Every country in Europe is signatory to the United Nations Convention for the Right of the Child. But it seems that European leaders are suffering a serious case of amnesia when we look at the deteriorating situation of children across the continent. Far from cushioning children and families from the worst effects of the crisis, governments are introducing austerity measures that scale back welfare support for families, cut funding for basic public services, and withdraw support from the voluntary sector. These are among the latest findings of a survey on the impact of the crisis on children and families in Europe released by Eurochild today (1).
As the European Union gears up for its 2nd Annual Convention of the European Platform Against Poverty(2), Eurochild asks the question: what will be the long-term cost of Europe ignoring the rights and well-being of its children?
"Europe's future political, economic and social stability depends on all children being supported in reaching their full potential" said Jana Hainsworth, Secretary General of Eurochild. "But we are witnessing a trend towards stigmatisation of struggling families and a move away from universal benefits and service provision which will only widen existing gaps in society and force more and more children into the margins."
Latest data from Eurostat show the numbers of people living in poverty is escalating to epidemic levels (3). And children are among those most likely to experience poverty. In its recently launched Annual Growth Survey 2013 the European Commission gives priority to addressing the social consequences of the crisis but within an overall context of promoting fiscal consolidation through spending cuts and an emphasis on activation and employment measures. "Whilst the Europe 2020 strategy was conceived as a balanced approach to smart, sustainable and inclusive growth, the EU continues to sleep walk down the path of market liberalisation within an unsustainable growth paradigm." concludes Ms Hainsworth.
Eurochild is advocating for governments to step up investment in high quality 'enabling' services that support all children and families and promote inclusive societies. This includes pre-natal and post-natal health care, early childhood services, family and parenting support, as well as education that is geared towards the development of the child's full personality and capacities. We firmly believe that such services should not be seen as a cost but as an investment. Such an approach will save public money in the medium- to long-term as there will be a reduced burden on the health sector, child protection, juvenile justice, social welfare services as well as fewer school drop outs and more engaged citizens. Prevention is always better than the cure.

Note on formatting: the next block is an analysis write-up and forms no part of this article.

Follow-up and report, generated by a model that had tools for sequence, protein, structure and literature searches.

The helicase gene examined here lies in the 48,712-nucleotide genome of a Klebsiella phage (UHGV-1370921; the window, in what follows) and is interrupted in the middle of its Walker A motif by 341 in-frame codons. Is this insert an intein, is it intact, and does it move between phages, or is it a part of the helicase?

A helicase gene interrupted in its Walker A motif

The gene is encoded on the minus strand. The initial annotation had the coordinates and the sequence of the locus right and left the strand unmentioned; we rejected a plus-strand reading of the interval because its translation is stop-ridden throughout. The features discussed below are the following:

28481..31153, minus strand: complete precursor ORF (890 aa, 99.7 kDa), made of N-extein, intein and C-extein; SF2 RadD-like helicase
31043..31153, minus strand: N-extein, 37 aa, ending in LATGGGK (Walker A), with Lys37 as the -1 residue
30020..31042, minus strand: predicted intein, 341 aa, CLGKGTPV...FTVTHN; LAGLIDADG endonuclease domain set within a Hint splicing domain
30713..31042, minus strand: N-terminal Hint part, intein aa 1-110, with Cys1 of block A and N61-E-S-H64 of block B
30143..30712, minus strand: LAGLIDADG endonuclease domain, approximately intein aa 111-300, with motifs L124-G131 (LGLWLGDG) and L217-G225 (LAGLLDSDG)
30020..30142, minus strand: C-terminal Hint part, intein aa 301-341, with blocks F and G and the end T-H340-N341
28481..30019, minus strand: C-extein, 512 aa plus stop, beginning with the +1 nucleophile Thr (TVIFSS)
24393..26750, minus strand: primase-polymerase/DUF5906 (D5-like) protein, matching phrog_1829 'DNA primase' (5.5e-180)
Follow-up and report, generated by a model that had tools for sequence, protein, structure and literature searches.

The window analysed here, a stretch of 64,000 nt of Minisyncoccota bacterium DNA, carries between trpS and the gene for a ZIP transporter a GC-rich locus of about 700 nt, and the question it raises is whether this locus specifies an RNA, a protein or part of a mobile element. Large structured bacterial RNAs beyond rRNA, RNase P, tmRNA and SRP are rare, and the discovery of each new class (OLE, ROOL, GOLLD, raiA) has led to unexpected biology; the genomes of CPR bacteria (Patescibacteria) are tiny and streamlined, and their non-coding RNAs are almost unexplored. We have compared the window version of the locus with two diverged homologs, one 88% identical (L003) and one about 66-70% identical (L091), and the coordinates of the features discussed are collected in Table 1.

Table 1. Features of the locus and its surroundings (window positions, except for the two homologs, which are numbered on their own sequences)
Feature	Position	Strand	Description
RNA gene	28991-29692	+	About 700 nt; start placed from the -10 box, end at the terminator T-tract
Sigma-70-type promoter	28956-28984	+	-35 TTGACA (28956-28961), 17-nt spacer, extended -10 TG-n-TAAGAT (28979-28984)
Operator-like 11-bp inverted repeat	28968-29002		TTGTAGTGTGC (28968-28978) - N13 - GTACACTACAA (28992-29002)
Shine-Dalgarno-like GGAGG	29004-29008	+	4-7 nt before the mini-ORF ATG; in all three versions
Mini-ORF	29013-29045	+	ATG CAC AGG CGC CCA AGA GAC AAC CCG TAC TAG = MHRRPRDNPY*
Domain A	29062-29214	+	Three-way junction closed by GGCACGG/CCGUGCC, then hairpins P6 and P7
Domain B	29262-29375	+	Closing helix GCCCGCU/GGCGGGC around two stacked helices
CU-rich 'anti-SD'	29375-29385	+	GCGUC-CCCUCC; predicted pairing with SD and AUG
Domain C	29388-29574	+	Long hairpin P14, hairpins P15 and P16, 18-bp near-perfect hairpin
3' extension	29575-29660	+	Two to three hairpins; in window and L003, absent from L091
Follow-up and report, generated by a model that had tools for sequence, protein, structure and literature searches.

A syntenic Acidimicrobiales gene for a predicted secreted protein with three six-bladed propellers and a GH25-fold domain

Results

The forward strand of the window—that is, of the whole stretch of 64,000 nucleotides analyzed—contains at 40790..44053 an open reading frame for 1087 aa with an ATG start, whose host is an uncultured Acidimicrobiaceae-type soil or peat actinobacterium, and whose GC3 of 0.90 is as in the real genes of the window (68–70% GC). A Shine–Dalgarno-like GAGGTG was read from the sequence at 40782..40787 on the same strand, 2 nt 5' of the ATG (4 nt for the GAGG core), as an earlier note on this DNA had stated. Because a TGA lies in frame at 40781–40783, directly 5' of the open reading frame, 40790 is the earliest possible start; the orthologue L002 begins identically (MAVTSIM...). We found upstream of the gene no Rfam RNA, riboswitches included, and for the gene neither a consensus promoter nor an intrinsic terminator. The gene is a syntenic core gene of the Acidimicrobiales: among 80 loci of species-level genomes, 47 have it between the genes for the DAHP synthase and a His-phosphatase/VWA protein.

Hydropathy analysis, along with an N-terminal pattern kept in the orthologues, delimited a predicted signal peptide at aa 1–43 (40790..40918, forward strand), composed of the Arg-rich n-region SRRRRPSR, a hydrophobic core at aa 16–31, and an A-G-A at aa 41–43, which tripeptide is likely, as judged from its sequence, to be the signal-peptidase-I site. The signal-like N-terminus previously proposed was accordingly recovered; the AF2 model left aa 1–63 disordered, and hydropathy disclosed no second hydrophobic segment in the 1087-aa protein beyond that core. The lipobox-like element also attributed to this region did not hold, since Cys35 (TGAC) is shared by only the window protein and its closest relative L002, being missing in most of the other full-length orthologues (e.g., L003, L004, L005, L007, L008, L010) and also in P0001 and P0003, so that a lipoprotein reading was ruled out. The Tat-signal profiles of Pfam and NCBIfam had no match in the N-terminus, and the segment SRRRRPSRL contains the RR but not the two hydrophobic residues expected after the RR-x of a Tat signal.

Eurochild believes that the European Union has an important role to play. It is important for priority setting, for offering policy guidance, and for enabling member states to benchmark their performance against others. The forthcoming EC Recommendation on Child Poverty and Well-being will be an important landmark. Furthermore the EU structural funds are a critical mechanism for supporting policy reforms at member state level. The next multi-annual financial framework offers a unique opportunity to match funding with EU policy priorities of poverty reduction, social inclusion and child well-being.
(1) To download Eurochild's report on the impact of the crisis click here.
(2) Eurochild's partner "Investing in Children" will present the Crisis Update in a 'speed-dating' exercise at the Convention. "Investing in Children" works with a membership scheme that recognizes and rewards services which engage in a dialogue within children & where that dialogue actually improves the quality of the service. It's an innovative approach that currently works across the county of Durham (North-East England) but has also been applied in the Isle of Man and Ireland. Eurochild is working with "Investing in Children" and the "European Child Rights Unit" at Liverpool Law School to explore ways in which this approach can be transferred and adapted to other countries.
(3) Latest Eurostat data from 3 December 2012 states that 119.6 million people, or 24.2% of the population, in the EU27 were at risk of poverty or social exclusion in 2011. This means an increase of more than 4 million people since 2010. Find the Eurostat Press Release here.